Because of this, better methods are needed for determining microbial populations on surfaces that have a very low density of individual microbes. In this study, the researchers became the first to take the microbial census using so-called pyrosequencing studies. Pyrosequencing is a recent method of sequencing DNA from entire microbial communities that is much faster and simpler than other methods, and extremely thorough.
Further findings in the study pointed up the value of pyrosequencing in demonstrating where vigilance in sterilizing equipment is needed. Of most import, certain archaeal sequences, notably from the ammonia-oxidizing genus, Nitrososphaeraceae of the recently proposed phylum, Thaumarchaeota, appeared in ground support equipment samples, both before and after cleaning. Archaea of this phylum can survive on ammonia or urea, or other inorganic chemicals, enhancing their ability to survive extreme conditions, according to the report, so prevention of their transfer to the spacecraft is key.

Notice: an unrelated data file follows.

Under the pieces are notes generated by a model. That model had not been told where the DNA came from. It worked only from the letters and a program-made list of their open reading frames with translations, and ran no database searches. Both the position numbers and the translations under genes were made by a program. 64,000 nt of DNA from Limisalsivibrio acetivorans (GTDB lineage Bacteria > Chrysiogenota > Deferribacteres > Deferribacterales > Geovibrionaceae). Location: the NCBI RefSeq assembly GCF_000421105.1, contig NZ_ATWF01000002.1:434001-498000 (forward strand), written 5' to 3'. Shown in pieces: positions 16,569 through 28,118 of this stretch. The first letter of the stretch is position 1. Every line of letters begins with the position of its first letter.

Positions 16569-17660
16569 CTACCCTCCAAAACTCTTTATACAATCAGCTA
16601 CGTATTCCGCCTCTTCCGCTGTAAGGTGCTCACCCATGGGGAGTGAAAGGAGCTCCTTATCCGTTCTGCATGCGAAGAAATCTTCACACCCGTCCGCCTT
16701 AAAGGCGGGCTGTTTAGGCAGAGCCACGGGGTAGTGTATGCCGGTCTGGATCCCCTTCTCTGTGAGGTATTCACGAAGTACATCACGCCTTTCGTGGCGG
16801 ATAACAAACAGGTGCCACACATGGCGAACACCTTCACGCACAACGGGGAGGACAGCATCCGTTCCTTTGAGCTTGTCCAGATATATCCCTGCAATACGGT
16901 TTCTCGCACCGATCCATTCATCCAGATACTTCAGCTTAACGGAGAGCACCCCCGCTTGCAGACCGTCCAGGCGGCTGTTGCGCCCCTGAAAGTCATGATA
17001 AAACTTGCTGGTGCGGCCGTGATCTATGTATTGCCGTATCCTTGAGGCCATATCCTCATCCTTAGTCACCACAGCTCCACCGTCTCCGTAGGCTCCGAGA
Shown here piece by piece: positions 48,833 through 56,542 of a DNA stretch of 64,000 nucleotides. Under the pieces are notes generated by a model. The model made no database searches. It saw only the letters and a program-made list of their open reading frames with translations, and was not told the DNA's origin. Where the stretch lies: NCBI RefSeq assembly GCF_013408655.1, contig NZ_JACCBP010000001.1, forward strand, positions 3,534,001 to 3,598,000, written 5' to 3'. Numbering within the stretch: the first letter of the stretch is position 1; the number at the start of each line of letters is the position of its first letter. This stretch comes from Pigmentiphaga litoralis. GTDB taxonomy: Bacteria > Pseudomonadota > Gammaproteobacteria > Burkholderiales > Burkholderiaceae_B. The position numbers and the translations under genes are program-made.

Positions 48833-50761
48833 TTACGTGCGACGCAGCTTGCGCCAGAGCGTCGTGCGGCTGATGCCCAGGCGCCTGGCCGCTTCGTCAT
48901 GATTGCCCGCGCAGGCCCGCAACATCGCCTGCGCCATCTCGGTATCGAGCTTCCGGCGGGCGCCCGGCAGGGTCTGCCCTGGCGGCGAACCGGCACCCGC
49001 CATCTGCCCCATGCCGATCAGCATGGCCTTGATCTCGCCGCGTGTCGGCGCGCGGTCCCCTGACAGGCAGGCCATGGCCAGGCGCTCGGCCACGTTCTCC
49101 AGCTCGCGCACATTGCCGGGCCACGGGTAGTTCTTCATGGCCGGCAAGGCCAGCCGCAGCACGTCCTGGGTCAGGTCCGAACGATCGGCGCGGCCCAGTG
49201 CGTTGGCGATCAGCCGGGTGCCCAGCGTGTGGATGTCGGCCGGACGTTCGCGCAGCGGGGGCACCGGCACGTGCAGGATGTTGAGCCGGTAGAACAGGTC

"Methanobacteriaceae sequences were also observed in the spacecraft hardware samples," the researchers write. "This is particularly relevant for astrobiological issues, since members of this family have been reported to be obligate anaerobic, hydrogenotrophic, and methanogenic organisms and capable of utilizing carbon dioxide as their sole carbon source." The challenge for the JPL's spacecraft team is to ensure that the DNA sequences only arise from dead Methanobacteriaceae, and not from live ones.
(M.T. La Duc, P. Vaishampayan, H.R. Nilsson, T. Torok, and K. Venkateswaran, 2012. Pyrosequencing-derived bacterial, archaeal, and fungal diversity of spacecraft hardware destined for Mars. Appl. Environ. Microbiol. 78:5912-5922.)
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New Evidence for Polyomavirus B
|Contact: Jim Sliwa|
American Society for Microbiology